A Passive Non-Financial Entity is a trust which is not a Financial Institution but holds a Financial Account with a Reporting Financial Institution and primarily receives passive income or primarily holds assets that produce passive income (such as dividends, interest or rents).
The account held by a trust that is a Passive Non-Financial Entity is a Reportable Account if: (a) the trust is a Reportable Person; or (b) the trust has one or more Controlling Persons that are Reportable Persons. In the case of a trust, the term Controlling Persons is explicitly defined to mean the settlor, trustees, protector, beneficiaries, class of beneficiaries and any other natural person exercising ultimate effective control over the trust. The report is made by the Reporting Financial Institution rather than the trust itself.
If reporting is required – who should report and what should be reported?
Reporting is to be completed by RFIs by filing an electronic return with Revenue on or before 30 June in the following year. Even if there are no reportable accounts a nil return must be filed and records must be kept for a period of six years. The reportable information for each account includes:
- Name, address, jurisdiction of residence, tax identification number and date and place of birth (where applicable) of each account holder who is a reportable person whether a person or an entity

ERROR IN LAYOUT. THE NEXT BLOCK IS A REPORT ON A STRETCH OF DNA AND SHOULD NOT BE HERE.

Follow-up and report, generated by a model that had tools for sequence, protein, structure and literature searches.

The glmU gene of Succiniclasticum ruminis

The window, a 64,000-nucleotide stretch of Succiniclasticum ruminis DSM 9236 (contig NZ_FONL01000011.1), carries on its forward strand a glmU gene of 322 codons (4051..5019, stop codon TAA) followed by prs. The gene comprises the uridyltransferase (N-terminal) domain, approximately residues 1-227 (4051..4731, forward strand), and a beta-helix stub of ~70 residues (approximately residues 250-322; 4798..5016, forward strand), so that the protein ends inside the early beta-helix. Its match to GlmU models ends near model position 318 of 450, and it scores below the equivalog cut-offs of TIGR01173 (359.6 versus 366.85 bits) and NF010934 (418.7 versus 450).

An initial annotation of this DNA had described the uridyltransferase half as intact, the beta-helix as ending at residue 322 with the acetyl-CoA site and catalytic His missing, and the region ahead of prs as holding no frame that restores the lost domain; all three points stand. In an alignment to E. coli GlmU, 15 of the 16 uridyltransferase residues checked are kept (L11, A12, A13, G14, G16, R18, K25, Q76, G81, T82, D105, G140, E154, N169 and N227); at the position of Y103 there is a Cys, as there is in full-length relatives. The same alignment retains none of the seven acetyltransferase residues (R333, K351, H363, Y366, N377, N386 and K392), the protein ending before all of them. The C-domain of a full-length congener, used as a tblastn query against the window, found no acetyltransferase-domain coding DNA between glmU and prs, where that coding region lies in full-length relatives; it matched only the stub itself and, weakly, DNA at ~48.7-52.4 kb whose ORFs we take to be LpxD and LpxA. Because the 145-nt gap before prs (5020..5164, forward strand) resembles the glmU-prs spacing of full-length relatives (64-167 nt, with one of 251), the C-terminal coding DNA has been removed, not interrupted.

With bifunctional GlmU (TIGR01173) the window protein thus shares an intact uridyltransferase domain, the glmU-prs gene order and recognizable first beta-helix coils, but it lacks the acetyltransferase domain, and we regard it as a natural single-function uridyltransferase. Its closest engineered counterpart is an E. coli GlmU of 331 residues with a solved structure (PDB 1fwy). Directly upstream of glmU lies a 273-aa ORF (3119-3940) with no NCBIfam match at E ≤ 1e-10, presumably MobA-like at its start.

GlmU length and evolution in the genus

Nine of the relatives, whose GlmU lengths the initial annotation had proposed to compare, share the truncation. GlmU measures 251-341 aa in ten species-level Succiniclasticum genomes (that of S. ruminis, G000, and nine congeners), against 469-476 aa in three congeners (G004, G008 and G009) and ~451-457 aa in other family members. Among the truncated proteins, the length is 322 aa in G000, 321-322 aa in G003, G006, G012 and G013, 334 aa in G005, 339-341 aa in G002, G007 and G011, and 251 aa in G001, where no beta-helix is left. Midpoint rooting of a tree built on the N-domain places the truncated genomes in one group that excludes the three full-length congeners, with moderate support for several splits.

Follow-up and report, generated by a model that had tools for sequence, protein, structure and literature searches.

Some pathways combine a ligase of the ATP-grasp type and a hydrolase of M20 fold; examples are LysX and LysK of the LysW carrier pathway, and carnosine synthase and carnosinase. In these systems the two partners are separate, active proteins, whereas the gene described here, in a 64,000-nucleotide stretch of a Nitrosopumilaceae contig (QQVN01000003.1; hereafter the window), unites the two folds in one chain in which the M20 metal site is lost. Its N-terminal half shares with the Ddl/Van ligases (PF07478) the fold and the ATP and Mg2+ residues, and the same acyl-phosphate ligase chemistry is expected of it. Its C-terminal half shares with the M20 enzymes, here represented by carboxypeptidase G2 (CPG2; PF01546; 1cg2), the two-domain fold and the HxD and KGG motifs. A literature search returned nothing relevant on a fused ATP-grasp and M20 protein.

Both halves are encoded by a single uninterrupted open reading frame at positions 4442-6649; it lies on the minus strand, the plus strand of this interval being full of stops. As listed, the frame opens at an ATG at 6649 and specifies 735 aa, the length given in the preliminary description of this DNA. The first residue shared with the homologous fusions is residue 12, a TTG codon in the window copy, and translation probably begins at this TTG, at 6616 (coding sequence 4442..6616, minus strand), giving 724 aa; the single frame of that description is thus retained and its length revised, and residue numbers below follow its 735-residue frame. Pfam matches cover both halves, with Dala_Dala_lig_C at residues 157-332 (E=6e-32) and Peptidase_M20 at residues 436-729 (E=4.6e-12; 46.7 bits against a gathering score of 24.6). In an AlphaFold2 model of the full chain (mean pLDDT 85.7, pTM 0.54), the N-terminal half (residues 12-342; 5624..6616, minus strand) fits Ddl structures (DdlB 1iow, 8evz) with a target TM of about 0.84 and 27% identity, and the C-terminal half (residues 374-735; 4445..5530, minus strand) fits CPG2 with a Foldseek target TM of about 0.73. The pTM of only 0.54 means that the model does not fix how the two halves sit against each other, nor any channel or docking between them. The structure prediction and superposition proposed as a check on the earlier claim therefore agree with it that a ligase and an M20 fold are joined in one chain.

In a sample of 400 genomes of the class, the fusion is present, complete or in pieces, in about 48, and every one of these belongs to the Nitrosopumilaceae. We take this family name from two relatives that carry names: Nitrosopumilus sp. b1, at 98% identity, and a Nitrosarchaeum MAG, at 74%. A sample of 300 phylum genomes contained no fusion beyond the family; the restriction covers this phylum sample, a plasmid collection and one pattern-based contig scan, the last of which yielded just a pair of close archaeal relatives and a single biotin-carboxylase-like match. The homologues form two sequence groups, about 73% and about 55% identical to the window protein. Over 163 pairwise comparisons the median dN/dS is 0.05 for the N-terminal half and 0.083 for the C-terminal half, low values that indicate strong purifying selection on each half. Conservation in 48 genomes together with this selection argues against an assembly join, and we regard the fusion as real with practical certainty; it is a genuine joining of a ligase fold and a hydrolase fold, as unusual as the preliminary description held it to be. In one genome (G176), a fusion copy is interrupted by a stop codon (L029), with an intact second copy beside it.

- The account number
- The name and identifying number of the reporting financial institution
- The account balance or value
- The amounts paid or credited to the account holder and
- The currency the balance is held in.
There are different due diligence rules for accounts held by individuals and entities as well as pre-existing and new accounts. A Reporting Financial Institution is permitted under the Irish regulations to appoint a person as its agent to carry out the duties and obligations imposed by the CRS.
In summary, all Irish trusts and trustees should consider their status under CRS and whether they have a requirement to report. A person required to make a return who fails to do so or who makes an incorrect or incomplete return shall be liable to a penalty of €19,045 and, if the failure continues, to an additional penalty of €2,535 for each day on which the failure continues.